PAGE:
Day Three; instead of packing up, we left our camp set up and day-hiked up to the lakes above.  After fording the creek, we ran into a wilderness ranger doing trail work.  In addition to sharing our experiences working on trails, we got our permit checked and had a nice chat.  On our permit we had initially named Topsy-Turvy Lake as our destination, but we were happy with our campsite at the fords.  And when we saw Topsy Turvy Lake, we were even happier with our decision.  While it was beautiful, there didn't seem to be many campsites at Topsy Turvy  amid the vast fields of talus--although there might have been a few above the lake on the South side--and they would have been very exposed.  We like shade. 

From there we continued on to Sailor Lake, and then topped out at Hungry Packer Lake, which had apparently earned the name Hungry Mosquito Lake this year.  The bugs were absolutely fierce.  We were hiking in headnets and it really helped to keep moving!  Which we did.  Lots of people camped around here, by the way.  

We hiked cross-country over to Moonlight Lake and had a nice rest and snack sitting among the huge talus blocks above that lake.  Then we continued down the granite slabs to Sailor Lake again, and back down to our camp.  It was interesting that the ford, which was about 75 feet long over a long string of rocks, was drier later in the day, and wetter earlier in the day.  Clearly the snowmelt was taking twelve hours to get down the creek to the ford.  After lunch and a nap. we decided we'd explore Dingleberry Lake some more.  While much of the shoreline was rugged, we did manage to find a route down from the trail to the North end of the lake, where there was a lovely pool, and a series of campsites further out above the canyon beyond the outlet stream.  This would make a nice base camp, and it seemed to get little traffic.  Back at camp that night, we dodged and swatted the bugs, ate our dinner, and again headed to the tent just about dusk, leaving the field to the pesky mosquitoes.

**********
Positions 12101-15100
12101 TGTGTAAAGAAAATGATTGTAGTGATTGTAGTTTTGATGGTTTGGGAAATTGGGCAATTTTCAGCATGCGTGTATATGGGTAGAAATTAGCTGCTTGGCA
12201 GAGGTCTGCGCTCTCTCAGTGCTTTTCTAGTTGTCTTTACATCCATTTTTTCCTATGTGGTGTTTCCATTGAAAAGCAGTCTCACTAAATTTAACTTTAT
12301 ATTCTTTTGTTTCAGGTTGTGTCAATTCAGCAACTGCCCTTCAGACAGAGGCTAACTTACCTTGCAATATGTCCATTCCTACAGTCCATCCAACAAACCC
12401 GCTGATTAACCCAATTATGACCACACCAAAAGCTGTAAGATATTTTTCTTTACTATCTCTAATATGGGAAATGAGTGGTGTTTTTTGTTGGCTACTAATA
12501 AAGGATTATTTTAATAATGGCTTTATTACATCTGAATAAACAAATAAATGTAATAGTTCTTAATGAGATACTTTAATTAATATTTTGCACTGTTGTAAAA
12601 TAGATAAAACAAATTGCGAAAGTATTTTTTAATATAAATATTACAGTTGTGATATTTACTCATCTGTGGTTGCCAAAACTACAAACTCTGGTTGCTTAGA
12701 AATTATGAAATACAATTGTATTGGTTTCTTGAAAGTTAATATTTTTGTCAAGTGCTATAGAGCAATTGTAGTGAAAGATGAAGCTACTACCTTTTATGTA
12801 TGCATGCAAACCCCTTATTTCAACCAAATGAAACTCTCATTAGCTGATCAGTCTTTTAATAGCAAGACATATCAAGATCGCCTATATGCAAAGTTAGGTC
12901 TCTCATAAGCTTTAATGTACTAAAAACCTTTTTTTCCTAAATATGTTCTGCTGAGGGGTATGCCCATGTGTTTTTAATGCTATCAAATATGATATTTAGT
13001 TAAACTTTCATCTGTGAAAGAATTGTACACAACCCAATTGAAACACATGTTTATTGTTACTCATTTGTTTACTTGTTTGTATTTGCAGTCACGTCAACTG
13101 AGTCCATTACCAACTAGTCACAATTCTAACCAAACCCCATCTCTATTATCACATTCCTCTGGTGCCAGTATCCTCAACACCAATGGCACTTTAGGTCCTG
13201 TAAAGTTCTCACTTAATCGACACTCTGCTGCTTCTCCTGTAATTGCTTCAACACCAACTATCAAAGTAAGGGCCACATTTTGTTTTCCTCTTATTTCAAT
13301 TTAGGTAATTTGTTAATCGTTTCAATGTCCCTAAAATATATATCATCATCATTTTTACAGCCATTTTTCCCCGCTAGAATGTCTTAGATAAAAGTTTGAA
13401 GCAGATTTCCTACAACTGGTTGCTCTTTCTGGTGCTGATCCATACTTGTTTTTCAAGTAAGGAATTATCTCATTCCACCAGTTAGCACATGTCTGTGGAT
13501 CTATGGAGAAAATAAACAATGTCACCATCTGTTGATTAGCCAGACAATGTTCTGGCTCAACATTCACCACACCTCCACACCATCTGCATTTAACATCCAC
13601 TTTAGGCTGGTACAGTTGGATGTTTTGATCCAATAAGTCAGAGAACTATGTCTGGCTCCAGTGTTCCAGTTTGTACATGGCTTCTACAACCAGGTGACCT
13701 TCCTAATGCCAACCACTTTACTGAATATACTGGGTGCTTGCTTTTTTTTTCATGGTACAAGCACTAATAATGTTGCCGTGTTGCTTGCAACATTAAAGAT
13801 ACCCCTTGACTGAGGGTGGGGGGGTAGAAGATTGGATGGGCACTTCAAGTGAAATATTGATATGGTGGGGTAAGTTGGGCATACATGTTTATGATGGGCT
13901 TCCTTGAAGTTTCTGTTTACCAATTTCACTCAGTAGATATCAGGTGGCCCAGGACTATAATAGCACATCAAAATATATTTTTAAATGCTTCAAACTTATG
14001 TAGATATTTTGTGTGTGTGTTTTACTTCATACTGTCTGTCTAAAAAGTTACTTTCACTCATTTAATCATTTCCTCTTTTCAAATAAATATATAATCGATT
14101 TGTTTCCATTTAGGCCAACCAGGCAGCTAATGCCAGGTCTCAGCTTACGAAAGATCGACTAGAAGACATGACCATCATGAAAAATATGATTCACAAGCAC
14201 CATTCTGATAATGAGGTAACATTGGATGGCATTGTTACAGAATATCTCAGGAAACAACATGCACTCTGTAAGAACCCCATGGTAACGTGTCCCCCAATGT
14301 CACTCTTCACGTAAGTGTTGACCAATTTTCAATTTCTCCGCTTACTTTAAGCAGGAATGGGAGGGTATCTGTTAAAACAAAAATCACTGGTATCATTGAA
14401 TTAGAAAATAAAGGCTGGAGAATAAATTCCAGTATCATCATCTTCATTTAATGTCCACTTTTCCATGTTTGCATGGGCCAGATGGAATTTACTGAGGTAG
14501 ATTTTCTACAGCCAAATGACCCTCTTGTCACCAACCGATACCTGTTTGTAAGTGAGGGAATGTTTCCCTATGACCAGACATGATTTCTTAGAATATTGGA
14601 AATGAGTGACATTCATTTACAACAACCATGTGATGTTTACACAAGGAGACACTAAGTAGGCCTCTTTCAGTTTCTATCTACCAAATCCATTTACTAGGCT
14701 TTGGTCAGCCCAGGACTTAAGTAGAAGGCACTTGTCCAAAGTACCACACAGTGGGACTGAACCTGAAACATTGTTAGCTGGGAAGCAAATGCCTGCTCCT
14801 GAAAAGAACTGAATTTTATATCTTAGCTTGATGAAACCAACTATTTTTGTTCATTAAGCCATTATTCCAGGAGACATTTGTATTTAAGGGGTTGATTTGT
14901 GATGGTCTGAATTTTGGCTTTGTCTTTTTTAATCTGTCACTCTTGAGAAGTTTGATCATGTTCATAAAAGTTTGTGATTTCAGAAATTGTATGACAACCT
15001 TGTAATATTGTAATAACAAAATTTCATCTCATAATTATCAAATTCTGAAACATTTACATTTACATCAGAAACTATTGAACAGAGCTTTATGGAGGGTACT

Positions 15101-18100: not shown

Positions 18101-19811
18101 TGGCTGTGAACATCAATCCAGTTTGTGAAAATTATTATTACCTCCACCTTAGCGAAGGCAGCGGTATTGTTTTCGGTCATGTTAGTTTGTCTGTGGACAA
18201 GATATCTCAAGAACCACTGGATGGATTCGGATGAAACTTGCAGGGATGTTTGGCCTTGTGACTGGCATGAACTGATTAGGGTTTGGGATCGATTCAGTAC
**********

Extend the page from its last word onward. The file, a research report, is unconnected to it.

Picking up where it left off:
Day Four:  We'd heard that Donkey Lake had fewer mosquitoes, and since that was also on our itinerary, we headed there next.  The trail back down to Blue Lake is really beautiful, and we enjoyed it much more in this direction.  Once at the junction, we took the trail towards Donkey Lake, and were surprised to see a second junction only 1/4 mile later to Baboon Lakes.  On our topo map, and on the Tom Harrison map, this junction is much higher up, right where the trail crosses the creek.  Hmmm.  Oh well. 

We continued on to Donkey Lake, absolutely loving the scenery of the creek as we followed it up the canyon past pools, cascades and rapids.  And Donkey Lake was charming.  We set up camp and went to explore a bit, doing some fishing, filtering water, and getting a feel for the place.  The lake was so clear and there were so many trout on the surface that at times it looked like an aquarium.  After lunch and our usual nap, we headed back down the hill 1/2 mile to pick up the trail that was shown on our maps to Baboon Lakes.